In his latest cooking series on BBC Player, the British celebrity chef shares easy dishes that celebrate the spirit of togetherness
The Covid-19 pandemic has been hard for everyone, even for British celebrity chef Jamie Oliver who missed and longed to be with his “family, friends and community” during this difficult period. As the whole world slowly returns to a ‘new’ normal, Oliver was inspired to write his latest cookbook, Together, which is also the title of his new cooking series on BBC Player.
Oliver shares: “My new show is a real celebration of great food that you can share with your loved ones. But it’s about more than food—it’s about spending time together and ultimately, about making memories.” The six-part series is a showcase of dishes that you can prepare for different occasions like summer feasts, picnics in the park or even curry nights. Here are five highlights.
1. Stuffed Salmon
“What I like about this recipe is that the method, which is incredibly easy to follow, elevates the salmon to a new level. It makes a real event of this incredible fish and, while it cooks, the flavours all mix and mingle together, amplifying utter deliciousness.”
- 1 heaped tablespoon baby capers in brine
- 10 anchovy fillets in oil, from sustainable sources
- 2 sprigs of rosemary
- 10 mixed-colour olives
- 1 fresh red chilli
- 1 lemon
- 1.2kg side of salmon, skin on, pin-boned, from sustainable sources
GET AHEAD You can prep this on the day, if you prefer. Put the capers into a small bowl, then tear in the anchovies and strip in the rosemary leaves. Squash and destone the olives, tearing the flesh into the bowl, then finely slice and add the chilli. Finely grate over the lemon zest, squeeze in the juice, add 2 tablespoons of olive oil, and mix well. Cover and refrigerate overnight.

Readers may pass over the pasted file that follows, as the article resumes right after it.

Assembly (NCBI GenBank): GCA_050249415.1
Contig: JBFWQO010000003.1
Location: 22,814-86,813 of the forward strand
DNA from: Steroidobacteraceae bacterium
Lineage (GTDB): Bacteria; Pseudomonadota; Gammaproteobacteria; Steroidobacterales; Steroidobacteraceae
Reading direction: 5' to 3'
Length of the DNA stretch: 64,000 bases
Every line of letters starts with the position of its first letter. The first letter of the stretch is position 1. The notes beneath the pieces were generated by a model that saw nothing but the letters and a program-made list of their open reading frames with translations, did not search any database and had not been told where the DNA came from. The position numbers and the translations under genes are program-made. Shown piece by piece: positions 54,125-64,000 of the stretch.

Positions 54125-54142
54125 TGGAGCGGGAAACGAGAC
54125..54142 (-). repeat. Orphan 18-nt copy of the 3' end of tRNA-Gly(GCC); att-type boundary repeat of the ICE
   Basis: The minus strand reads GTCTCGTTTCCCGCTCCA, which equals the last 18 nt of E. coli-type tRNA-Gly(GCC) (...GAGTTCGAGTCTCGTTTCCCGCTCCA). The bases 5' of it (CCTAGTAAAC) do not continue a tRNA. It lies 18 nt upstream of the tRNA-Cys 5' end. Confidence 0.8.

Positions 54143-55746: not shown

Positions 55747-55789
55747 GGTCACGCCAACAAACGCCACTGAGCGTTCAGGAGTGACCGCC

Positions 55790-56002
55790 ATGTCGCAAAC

ON THE DAY Place the salmon skin side down in the middle of your largest roasting tray and use the tip of a small sharp knife to make deep cuts into the flesh at 3cm intervals. Now stuff each cut, using the knife to help you. I start by dividing up the olives and anchovies, then add the rosemary, chilli and capers. Take your time and enjoy the process. Sprinkle any excess around the salmon.
TO SERVE Preheat the oven to 180 C. Roast the salmon at the bottom of the oven for 20 minutes. Let it rest for 10 minutes, then serve.
VEGGIE LOVE A giant stuffed portobello mushroom for each veggie guest instead of salmon is a thing of joy—just lose the anchovies.
In case you missed it: Omnifoods Launches New Range of Alternative Plant-Based Seafood
2. Tender Asparagus
“With glorious green dressing, soft boiled eggs & crispy bacon croutons.”
- 2 spring onions
- 2 tablespoons Dijon mustard
- 2 tablespoons white wine vinegar
- 1 bunch of flat-leaf parsley (30g)
- 4 rashers of higher-welfare smoked streaky bacon
- 200g sourdough bread
- 1kg asparagus
- 8 large free-range eggs
GET AHEAD Roughly chop the green part of the spring onions and place in a blender with the mustard, vinegar and 6 tablespoons of extra virgin olive oil. Tear in three-quarters of the parsley leaves, add a swig of water and blitz until smooth. Season to perfection, tasting and tweaking, then cover. Pick the remaining parsley leaves into a bowl, then trim, finely slice and add the whites of the spring onions, and cover with water. Refrigerate both overnight.